mean value by hand. Our goal was more towards explaining
why there is a surviving cosmological constant which satis-
fies
DE
= (

P
)
1/2
which in our opinion is the problem.
There is a completely different way of interpreting this
result based on some imaginative ideas suggested by
Bjorken
31
recently. The key idea is to parametrize the
universes by the value of L

which they have. It is a fixed,


pure number for each universe in an ensemble of universes
but all the other parameters of the physics are assumed to
be correlated with L

. This is motivated by a series of argu-


ments in ref. 31 and, in this approach,
vac
L

2
almost by
definition; the hard work was in determining how other
parameters scale with L

. In the approach suggested here,


a dynamical interpretation of the scaling
vac
L

2
is given
as due to vacuum fluctuations of fields. We now reinterpret
each member of the ensemble of universes as having zero
energy density for vacuum (as any decent vacuum should
have) but the effective
vac
arises from the quantum fluc-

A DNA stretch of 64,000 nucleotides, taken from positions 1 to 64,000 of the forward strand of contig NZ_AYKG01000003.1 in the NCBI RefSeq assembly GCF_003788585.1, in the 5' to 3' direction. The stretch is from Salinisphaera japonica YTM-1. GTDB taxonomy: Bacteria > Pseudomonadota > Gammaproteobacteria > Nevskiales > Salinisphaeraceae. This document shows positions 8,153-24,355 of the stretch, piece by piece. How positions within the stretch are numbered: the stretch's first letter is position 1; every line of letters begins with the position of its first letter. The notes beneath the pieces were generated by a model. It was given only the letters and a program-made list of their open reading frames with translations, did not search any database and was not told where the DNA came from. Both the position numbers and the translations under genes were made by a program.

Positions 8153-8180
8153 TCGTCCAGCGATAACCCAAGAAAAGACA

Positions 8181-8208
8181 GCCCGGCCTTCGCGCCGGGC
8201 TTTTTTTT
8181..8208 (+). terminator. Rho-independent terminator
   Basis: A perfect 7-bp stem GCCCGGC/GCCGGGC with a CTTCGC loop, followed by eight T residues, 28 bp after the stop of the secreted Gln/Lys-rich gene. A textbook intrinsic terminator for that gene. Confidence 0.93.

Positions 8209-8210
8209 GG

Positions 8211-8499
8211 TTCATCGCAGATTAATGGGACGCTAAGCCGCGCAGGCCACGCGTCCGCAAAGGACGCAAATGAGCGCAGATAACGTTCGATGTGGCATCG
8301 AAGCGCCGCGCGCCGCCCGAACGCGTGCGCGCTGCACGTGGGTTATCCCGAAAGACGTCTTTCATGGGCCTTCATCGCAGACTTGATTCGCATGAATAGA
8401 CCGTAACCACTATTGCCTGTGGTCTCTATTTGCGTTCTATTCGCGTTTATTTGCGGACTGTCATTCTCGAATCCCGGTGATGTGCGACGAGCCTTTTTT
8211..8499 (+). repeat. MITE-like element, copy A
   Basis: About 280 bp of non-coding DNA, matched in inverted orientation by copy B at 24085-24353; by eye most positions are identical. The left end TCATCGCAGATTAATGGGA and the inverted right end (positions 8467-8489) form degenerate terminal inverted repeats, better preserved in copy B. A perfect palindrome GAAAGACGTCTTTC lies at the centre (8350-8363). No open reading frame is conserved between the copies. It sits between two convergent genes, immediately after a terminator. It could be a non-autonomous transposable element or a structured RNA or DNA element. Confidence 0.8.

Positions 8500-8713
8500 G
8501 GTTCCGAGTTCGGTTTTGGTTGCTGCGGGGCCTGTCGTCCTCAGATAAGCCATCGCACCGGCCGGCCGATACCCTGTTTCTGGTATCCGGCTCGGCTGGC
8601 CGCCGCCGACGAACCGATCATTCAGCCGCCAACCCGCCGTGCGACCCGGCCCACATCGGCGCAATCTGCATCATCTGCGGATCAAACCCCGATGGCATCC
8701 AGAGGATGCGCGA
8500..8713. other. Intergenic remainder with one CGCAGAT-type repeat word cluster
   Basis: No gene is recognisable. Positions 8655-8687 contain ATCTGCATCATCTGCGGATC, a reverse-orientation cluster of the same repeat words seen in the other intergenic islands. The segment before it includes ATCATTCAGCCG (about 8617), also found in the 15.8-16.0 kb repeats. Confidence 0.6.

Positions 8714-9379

tuations with the correct scaling. One can then invoke
standard anthropic-like arguments (but with very significant
differences as stressed in ref. 31) to choose a range for the
size of our universe. This appears to be much more attractive
way of interpreting the result.
Finally, to be fair, this attempt should be judged in the
backdrop of other suggested solutions almost all of which
require introducing extra degrees of freedom in the form
of scalar fields, modifying gravity or introducing higher
dimensions etc. and fine tuning the potentials. At a fundamen-
tal level such approaches are unlikely to provide the final
solution.

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ACKNOWLEDGEMENTS. I thank K. Subramanian for two decades
of discussion about various aspects of cosmological constant and for
sharing the view that any quick-fix solution to this problem will be futile. I
also thank Apoorva Patel for useful discussions.